Static sites are extremely fast. Pages. Unfortunately, they can be very slow to build. If a site has thousands of pages, an SSG generally has to generate every single one of those pages every time the site is built. This can take a long time and severely hold up deployments. Fortunately, features like NextJS’s incremental static page regeneration allows for a hybrid approach where some pages can be generated at build time and the rest aren’t generated until they’re requested.

Some may also argue that static page speeds can be replicated by simply putting Cloudflare’s CDN in front of a Wordpress site, for example, but it’s nice that the speed is there out of the box rather than requiring the setup of a CDN or caching solution on top of the site build.

Security

A common complaint about Wordpress is that they are vulnerable to hacking attempts. This is not so much a problem with Wordpress itself as it is with the fact so many websites are built with it. But the reality is that because JAMstack sites don’t have a server, there isn’t really anything to hack into. And because data fetching can be done in serverless functions, you can also avoid exposing API tokens like you might in a fully client-side site.

On the other hand, you have to put a lot of trust in the services you’re relying on, especially for e-commerce, so it’s important to vet all of your APIs and not rely on the lack of a server for solving all of your security problems.

Developer Experience

This is arguably one of the largest benefits of the JAMstack. Static site generators generally have great build tools that enable features like fast refresh, code splitting and ready-made development environments. There is generally very little setup required to get a project started, and libraries, APIs and build tools can be added as needed, if needed. Frameworks like NextJS will handle things like Webpack and Babel configurations, routing, and enforcing best practices for front-end development, freeing up developers to Just Write Code. The only risk here is getting greedy and simply writing too much of it! It’s tempting to use every library out there and end up serving way too much Javascript. But when used responsibly, you can painlessly create great front-end experiences.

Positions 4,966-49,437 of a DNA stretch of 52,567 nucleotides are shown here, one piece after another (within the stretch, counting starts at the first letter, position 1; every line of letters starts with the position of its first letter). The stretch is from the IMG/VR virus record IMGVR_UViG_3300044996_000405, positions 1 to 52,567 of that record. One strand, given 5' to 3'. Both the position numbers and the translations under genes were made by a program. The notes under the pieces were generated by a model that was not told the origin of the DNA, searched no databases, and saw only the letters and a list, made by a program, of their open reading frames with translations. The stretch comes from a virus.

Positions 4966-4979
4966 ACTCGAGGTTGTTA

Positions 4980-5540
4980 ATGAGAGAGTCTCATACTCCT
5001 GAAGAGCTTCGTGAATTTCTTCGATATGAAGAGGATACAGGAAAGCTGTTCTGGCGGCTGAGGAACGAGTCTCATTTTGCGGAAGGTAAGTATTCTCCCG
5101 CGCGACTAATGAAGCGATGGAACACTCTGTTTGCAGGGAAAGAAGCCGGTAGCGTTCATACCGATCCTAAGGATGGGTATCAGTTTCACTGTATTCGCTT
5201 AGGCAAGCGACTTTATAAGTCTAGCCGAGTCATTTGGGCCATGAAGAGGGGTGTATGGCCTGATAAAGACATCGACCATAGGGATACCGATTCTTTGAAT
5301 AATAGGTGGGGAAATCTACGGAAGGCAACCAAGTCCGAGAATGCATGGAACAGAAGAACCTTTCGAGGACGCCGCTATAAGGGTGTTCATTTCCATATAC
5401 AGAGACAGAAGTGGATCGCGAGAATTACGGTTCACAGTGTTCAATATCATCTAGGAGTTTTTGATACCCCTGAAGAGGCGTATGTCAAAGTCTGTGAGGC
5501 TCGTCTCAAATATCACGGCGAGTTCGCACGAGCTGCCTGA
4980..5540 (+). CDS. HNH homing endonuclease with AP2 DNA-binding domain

Conclusion

Monolithic approaches like Wordpress, Ruby on Rails or Laravel are still extremely useful for developers or teams with a need for fully custom backends or simply want to use a tried-and-true approach with endless resources and hosting options. For developers who want to quickly spin up fully custom marketing sites, ecommerce shops and blogs to deliver rich frontend experiences without needing to build custom servers, the JAMstack is an exciting new methodology that provides great experiences for both developers and users.